Sussex County Delaware

F.I. Council's Conduct,
Organization Questioned
Fenwick Island Town Council ...

Hearing on Chief's
Status Set for Dec. 4

SC Online Content Editor

The way Fenwick Island Town Council has conducted business in recent years came under fire from a new council member and members of the public at a Friday, Sept. 27, 2002 council meeting.

Shortly after being sworn in as a council member, Vicki Carmean said she had some concerns about the way the council was organized, particularly the appointment of a mayor, since the town's charter lays out a councilmanic form of government.

Peg Baunchalk, town council president, also holds the unofficial title of mayor. Harry Haon, similarly, is both council vice president and deputy mayor.

Haon, who often represents the Association of Coastal Towns at state and county meetings, said the unofficial titles provided some advantages. "These positions and these titles carry more weight," Haon said.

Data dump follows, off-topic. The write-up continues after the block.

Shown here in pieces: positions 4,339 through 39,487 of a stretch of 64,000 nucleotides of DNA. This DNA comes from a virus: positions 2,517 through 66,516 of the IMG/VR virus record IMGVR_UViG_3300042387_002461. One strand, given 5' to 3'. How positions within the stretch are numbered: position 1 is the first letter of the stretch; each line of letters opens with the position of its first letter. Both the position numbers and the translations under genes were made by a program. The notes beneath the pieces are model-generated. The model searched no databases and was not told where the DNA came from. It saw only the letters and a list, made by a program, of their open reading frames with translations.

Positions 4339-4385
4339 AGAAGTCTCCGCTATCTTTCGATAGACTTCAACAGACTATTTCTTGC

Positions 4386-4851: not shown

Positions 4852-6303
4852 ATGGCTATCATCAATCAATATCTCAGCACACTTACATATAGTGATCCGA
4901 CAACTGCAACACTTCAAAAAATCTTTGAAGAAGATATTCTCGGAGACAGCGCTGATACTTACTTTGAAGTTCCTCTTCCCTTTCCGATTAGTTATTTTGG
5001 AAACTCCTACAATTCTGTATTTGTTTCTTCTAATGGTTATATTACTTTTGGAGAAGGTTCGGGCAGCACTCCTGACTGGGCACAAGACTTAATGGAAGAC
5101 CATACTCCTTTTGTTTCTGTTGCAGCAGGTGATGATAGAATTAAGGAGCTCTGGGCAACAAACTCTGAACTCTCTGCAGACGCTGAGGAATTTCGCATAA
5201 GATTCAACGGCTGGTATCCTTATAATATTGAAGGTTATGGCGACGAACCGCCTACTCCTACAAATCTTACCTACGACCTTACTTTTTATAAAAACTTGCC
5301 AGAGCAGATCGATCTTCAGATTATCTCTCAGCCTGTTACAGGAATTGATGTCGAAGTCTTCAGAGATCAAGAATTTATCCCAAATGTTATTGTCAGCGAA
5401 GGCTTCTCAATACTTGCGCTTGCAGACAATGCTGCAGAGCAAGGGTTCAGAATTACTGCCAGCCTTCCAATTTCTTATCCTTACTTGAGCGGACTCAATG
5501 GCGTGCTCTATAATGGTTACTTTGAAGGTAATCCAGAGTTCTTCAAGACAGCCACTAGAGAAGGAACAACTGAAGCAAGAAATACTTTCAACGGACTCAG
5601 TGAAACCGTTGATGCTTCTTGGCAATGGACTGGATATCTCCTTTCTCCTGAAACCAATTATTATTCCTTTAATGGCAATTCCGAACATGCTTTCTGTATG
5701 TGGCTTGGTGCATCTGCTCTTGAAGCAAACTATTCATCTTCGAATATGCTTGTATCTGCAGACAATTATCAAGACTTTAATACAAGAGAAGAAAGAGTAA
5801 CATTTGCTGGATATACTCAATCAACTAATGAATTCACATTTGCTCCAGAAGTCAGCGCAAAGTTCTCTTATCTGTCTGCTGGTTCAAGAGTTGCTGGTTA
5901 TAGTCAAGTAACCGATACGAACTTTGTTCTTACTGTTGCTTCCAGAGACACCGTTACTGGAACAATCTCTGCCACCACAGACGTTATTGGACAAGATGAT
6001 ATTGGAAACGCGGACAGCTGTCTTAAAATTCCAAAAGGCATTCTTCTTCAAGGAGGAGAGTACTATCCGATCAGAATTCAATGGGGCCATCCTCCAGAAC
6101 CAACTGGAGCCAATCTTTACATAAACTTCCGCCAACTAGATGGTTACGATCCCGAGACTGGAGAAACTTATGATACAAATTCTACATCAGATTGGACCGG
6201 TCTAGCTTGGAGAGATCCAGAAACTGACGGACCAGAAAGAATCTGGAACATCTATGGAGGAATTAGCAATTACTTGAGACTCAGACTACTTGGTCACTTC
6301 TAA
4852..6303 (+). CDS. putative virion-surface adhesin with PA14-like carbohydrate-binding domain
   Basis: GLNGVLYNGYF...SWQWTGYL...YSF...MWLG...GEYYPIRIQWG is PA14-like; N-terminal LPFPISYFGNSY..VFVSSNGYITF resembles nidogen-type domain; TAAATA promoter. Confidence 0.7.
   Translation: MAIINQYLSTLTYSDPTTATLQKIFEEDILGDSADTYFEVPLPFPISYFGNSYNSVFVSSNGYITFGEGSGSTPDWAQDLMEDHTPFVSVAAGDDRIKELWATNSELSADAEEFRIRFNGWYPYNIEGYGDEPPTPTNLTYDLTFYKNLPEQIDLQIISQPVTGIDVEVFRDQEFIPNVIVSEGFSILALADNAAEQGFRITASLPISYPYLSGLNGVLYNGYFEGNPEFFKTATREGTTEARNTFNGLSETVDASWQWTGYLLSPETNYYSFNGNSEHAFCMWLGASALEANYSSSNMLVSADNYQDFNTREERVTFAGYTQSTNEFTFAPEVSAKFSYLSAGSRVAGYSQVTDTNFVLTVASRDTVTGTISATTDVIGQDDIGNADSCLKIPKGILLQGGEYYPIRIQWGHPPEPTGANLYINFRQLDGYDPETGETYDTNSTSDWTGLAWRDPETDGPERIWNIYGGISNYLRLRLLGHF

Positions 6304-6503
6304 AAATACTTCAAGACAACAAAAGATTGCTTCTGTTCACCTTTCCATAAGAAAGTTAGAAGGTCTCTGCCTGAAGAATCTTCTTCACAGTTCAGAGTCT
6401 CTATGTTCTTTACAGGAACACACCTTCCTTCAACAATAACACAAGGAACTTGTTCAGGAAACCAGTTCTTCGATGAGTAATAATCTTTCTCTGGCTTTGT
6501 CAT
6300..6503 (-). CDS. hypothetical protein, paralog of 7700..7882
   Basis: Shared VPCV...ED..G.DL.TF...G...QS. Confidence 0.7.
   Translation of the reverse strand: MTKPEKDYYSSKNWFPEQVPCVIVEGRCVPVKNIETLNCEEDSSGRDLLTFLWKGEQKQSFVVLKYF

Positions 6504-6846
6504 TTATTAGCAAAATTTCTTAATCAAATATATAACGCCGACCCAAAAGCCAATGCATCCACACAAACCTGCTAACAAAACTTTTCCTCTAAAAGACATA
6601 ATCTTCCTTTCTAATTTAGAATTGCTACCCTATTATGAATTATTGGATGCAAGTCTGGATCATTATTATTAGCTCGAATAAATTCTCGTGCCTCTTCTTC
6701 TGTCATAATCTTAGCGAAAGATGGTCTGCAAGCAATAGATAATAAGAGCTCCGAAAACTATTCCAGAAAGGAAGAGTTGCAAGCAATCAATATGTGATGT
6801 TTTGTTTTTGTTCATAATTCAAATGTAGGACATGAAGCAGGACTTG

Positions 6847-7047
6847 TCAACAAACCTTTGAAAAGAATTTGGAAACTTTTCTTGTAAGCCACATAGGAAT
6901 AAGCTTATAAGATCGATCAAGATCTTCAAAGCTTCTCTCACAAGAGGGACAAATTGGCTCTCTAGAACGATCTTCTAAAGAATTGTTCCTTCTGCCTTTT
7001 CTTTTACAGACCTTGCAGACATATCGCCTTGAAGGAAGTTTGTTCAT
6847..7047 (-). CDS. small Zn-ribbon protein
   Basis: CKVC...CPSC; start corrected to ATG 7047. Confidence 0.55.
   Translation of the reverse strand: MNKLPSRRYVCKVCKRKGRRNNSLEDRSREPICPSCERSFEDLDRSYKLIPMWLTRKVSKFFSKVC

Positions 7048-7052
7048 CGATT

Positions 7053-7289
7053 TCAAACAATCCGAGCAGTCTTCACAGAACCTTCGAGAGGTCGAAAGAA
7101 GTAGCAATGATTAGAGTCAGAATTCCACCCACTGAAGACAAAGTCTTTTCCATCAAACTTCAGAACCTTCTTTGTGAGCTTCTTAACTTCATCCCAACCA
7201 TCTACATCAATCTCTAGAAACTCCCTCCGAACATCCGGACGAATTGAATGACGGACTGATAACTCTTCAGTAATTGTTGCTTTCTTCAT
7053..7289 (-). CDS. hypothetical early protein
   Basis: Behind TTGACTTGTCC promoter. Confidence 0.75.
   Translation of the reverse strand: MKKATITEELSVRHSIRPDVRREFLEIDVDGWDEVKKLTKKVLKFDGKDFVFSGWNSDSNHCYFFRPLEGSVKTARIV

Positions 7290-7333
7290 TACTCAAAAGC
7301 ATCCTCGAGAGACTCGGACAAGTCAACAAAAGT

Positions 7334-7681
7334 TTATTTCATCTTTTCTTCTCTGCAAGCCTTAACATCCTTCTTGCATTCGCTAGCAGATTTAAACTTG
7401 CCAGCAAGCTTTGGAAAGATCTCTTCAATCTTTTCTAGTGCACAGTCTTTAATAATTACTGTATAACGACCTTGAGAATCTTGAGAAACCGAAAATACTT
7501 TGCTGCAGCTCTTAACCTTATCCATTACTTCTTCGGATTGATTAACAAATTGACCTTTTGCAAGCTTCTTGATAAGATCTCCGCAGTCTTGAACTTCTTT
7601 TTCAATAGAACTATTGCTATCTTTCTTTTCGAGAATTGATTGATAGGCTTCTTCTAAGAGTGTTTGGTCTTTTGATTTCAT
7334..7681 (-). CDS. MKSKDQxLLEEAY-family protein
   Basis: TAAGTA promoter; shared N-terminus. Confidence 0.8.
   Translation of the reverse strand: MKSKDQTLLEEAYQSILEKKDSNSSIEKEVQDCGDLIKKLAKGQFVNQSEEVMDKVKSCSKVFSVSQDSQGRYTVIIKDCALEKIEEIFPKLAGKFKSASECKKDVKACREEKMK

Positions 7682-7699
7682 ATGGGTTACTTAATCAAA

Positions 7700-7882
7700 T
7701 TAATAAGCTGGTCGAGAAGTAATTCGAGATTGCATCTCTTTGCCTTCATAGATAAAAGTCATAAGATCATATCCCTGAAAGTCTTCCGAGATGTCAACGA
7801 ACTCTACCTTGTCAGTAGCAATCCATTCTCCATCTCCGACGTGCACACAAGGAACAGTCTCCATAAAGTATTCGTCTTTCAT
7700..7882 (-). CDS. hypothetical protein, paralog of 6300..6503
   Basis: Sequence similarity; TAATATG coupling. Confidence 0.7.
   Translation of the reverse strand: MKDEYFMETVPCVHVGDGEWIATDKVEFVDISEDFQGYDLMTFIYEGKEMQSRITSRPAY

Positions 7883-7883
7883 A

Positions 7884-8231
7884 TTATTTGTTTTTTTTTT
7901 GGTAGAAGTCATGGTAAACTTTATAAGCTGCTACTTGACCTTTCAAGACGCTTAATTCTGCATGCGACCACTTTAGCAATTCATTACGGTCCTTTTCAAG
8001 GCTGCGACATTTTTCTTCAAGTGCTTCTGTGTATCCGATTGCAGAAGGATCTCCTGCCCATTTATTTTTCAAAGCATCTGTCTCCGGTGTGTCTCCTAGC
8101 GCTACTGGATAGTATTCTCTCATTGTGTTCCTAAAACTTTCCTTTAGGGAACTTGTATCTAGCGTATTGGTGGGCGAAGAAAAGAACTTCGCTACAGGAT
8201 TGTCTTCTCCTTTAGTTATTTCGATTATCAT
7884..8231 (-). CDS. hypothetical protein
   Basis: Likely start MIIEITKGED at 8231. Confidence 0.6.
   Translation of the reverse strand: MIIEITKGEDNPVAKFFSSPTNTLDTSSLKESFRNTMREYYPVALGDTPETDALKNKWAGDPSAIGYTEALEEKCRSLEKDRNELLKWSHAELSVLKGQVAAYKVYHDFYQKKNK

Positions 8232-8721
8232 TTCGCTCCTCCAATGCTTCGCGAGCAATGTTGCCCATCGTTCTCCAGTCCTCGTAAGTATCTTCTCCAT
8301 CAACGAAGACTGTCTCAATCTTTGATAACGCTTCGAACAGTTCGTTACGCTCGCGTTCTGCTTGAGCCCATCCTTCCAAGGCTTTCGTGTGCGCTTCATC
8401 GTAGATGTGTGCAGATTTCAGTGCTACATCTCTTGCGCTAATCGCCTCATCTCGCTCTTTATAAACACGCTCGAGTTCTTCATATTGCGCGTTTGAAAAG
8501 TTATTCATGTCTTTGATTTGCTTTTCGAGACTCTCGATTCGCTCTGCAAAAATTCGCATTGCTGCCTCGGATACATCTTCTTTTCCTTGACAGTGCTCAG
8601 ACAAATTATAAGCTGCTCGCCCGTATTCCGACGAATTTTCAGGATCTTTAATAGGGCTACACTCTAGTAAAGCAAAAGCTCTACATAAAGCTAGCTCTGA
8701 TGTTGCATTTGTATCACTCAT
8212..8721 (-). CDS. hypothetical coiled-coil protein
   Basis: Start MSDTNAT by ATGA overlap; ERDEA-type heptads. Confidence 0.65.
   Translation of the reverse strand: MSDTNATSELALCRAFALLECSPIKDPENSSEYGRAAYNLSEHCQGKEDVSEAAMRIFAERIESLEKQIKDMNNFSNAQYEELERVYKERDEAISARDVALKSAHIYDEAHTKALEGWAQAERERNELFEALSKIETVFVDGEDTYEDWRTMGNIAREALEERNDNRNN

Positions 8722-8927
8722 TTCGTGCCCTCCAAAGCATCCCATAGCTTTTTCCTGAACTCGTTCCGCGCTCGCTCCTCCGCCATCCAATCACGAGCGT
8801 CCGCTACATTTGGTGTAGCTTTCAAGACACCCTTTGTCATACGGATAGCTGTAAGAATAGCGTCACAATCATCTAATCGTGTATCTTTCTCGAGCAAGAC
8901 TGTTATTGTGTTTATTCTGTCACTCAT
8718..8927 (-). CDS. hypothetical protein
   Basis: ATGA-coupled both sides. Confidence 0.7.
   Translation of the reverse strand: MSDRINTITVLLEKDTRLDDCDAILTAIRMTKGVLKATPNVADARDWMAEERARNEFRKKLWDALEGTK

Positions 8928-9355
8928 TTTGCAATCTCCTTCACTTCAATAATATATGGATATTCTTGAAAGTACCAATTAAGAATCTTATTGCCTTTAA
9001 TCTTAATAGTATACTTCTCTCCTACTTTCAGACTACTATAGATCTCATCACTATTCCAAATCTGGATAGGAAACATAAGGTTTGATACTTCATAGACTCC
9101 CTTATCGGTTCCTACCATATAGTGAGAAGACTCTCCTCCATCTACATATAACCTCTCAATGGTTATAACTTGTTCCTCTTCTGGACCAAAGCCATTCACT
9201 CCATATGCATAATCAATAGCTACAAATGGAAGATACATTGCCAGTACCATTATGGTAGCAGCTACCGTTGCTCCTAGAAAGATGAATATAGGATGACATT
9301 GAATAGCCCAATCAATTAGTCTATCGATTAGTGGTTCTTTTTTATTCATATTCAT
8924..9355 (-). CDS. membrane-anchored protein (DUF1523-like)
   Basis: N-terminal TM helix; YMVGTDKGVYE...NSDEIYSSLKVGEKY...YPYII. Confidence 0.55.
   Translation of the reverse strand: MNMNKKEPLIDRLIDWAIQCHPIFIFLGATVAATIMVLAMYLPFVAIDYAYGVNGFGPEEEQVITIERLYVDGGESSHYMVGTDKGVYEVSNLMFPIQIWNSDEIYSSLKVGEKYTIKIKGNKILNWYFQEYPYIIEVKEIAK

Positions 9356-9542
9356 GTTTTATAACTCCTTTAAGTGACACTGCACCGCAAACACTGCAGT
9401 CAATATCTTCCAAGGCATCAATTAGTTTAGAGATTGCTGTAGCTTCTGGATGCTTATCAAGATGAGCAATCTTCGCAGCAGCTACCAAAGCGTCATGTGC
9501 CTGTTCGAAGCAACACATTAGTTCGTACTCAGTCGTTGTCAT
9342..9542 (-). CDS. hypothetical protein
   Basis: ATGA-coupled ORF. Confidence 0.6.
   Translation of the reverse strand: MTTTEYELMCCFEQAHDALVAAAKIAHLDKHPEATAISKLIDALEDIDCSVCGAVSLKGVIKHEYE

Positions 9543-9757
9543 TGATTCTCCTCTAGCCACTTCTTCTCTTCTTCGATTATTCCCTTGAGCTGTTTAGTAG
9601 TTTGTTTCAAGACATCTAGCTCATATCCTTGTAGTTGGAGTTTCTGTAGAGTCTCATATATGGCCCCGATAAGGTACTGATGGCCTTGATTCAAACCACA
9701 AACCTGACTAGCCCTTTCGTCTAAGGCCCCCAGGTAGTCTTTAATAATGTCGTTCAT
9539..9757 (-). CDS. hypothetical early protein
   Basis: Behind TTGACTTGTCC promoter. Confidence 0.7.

While Carmean said her remarks were "certainly not intended as a personal attack on anyone," she said the council should "be careful in the future" that its leadership keep to the councilmanic form rather than the mayoral form.

Carmean also took the council to task for its failure to have the town's financial records audited in recent years. She said she learned of the absence of audits when she asked for audited financial records from recent years and was told they weren't available.

Baunchalk said the town is currently catching up on the audits, and the records through 1998 are completed. The years 1999-2001 will soon be given to the auditor for review.

Resident William Weistling said, "I think if we have an audit of our budget on a yearly basis as soon as possible, I don't know why we need a separate audit of the police department or any other department for that matter."

Haon declined to comment on Weistling's reference to the council's decision earlier this month to spend up to $1,000 for an independent audit of the police department's finances.

But Baunchalk said she believes it would be a good idea for the town to invite the auditor to make a yearly public presentation on its findings in the future -- a practice already followed by most surrounding towns.